5) That lesson this morning was a complete disaster. My motivation is gone for the day.
I’ll feel even worse if I give up on myself (and my students) and write off the whole afternoon. Instead, I can choose to put this in perspective: having a chaotic morning doesn’t mean I’m a bad teacher, and it doesn’t mean my students are hopeless. I can quickly identify what I can do differently next time, and mentally move on with the day. The past is over: each moment in the present is an opportunity to make a new choice and work toward a better outcome, starting right now.
6) I don’t have time to reflect on my teaching, and it’s not a big deal, anyway.
When I take a moment to think about what I did to make a lesson successful, I have a better understanding of what created that success. This helps me get excellent results again next time, making teaching easier AND more effective! I can create habits and routines that allow me to reflect on my teaching practice…even spending 2 minutes at the end of the day thinking back on everything that went RIGHT (and why) can make a difference in my efficacy.
7) The school year is halfway over; I can’t introduce a new procedure or activity now.
This is actually the perfect time to try something new, because I’ve already established a rapport with this class. I can have a conversation with the kids about what’s working and what’s not, and together, we can come up with a better plan. It’s never too late to change something that’s become less effective, and my students will benefit if I show them how to continually reflect and improve.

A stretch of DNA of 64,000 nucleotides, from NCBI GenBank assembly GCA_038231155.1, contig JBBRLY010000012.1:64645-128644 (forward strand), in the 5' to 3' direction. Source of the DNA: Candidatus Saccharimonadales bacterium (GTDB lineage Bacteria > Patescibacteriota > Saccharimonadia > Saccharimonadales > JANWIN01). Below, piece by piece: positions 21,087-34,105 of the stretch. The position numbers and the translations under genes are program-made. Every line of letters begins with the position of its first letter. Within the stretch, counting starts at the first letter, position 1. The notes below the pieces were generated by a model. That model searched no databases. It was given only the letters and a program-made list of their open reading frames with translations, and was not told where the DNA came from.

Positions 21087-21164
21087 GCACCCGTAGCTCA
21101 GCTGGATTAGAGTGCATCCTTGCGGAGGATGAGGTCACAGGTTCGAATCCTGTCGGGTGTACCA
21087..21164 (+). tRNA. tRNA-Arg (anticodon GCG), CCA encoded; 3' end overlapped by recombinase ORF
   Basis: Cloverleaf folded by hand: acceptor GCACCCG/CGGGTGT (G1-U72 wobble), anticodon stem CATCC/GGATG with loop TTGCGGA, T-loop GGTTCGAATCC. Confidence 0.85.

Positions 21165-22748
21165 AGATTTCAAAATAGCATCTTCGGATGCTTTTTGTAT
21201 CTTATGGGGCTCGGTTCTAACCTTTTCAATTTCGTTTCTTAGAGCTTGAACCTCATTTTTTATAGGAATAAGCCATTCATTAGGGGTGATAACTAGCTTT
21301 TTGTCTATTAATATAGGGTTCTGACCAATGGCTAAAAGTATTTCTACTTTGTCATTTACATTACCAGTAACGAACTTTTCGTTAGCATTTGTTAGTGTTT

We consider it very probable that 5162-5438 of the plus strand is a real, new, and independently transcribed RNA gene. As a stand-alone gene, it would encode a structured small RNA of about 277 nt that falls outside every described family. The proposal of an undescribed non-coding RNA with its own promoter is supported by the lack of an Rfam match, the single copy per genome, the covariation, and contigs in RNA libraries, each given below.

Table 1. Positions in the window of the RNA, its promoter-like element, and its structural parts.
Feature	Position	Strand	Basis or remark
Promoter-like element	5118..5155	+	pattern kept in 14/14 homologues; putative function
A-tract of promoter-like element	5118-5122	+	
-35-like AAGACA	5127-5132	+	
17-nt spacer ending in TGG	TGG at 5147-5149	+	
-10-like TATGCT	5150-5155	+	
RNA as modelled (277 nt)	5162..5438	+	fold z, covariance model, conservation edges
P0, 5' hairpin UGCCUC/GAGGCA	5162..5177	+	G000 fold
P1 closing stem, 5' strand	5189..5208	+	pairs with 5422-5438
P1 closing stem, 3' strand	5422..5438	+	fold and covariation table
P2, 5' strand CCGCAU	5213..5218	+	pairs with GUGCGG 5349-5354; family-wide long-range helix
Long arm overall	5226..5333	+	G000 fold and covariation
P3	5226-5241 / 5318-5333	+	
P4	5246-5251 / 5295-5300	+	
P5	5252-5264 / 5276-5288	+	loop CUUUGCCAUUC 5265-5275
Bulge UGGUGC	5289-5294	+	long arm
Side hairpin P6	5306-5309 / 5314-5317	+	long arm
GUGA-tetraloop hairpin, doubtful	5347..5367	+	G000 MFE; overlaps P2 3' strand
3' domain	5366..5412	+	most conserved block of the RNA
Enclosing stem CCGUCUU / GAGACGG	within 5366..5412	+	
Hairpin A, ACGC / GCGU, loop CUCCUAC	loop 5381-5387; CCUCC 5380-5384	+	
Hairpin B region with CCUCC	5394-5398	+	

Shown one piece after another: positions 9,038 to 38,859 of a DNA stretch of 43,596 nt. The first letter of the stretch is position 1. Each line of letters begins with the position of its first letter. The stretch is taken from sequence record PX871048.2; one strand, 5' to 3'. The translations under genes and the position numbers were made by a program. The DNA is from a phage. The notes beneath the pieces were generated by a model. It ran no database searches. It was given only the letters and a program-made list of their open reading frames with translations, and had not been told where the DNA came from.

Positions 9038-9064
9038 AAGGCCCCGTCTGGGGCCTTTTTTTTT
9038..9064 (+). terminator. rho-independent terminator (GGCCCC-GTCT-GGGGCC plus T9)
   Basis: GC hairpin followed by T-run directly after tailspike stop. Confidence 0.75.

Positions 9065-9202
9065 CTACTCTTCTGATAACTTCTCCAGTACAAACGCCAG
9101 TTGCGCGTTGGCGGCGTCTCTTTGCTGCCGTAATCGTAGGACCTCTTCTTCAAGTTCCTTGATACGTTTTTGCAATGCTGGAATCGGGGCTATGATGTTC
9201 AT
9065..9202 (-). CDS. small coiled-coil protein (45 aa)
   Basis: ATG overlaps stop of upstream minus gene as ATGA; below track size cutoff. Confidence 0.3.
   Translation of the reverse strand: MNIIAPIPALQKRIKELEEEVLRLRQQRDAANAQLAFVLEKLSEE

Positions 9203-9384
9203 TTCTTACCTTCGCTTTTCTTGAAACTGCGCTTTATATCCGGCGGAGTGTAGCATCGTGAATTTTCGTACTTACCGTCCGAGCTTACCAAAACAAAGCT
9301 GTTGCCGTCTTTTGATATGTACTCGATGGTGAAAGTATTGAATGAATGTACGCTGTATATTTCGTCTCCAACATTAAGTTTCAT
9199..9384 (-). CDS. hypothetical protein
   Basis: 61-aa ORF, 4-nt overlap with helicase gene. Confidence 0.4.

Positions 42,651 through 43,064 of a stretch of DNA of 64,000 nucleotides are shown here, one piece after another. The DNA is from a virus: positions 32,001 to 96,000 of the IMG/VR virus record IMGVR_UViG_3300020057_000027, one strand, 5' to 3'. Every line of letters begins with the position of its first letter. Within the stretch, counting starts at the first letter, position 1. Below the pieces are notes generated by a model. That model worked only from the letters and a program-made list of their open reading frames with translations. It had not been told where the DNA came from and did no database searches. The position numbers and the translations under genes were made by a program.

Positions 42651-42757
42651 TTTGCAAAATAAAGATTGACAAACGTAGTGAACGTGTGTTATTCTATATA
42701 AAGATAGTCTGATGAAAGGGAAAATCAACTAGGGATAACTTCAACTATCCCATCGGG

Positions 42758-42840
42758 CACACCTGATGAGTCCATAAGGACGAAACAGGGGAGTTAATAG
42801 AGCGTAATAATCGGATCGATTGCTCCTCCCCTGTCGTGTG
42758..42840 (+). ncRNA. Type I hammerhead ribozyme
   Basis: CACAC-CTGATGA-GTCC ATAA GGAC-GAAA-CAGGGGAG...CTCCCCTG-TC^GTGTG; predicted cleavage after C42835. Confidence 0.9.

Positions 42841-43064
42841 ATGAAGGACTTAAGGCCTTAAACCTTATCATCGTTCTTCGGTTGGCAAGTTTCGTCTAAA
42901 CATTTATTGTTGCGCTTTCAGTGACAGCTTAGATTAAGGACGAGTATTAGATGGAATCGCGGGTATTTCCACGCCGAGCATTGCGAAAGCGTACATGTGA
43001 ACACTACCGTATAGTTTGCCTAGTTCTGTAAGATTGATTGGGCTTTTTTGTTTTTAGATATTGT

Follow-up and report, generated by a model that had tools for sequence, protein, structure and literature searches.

8) Kids these days don’t put any effort into their work and want everything to be easy.
Many of my students struggle in this area, but perseverance and grit can be learned! I can explicitly teach growth mindset strategies to students and help them take charge of their own learning. I can show students how to think critically about what it takes to be successful, push themselves to do their best work, and teach them to believe in their own ability to learn.
9) Some of my students are just unteachable–there’s nothing I can do to reach them.
I choose to believe that every child is capable of growth. I can continue to build a rapport with students and help them make progress, celebrating even the smallest wins to help us all have the motivation to keep pressing forward. I refuse to give up on any child in my class, and I refuse to give up on my own teaching abilities. I believe my work makes a difference, regardless of whether I see results.
10) All we do is test the kids. It’s impossible to enjoy teaching!
I know teachers who are facing these same pressures who still love what they do–I wonder what their secret is? I can learn more about the type of mindset and daily practices that have a positive impact on my energy level and enthusiasm. I can choose to learn about, discuss, and implement strategies that help me enjoy teaching every day…no matter what.
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Next week: The lies teachers tell themselves (and how to uncover the truth)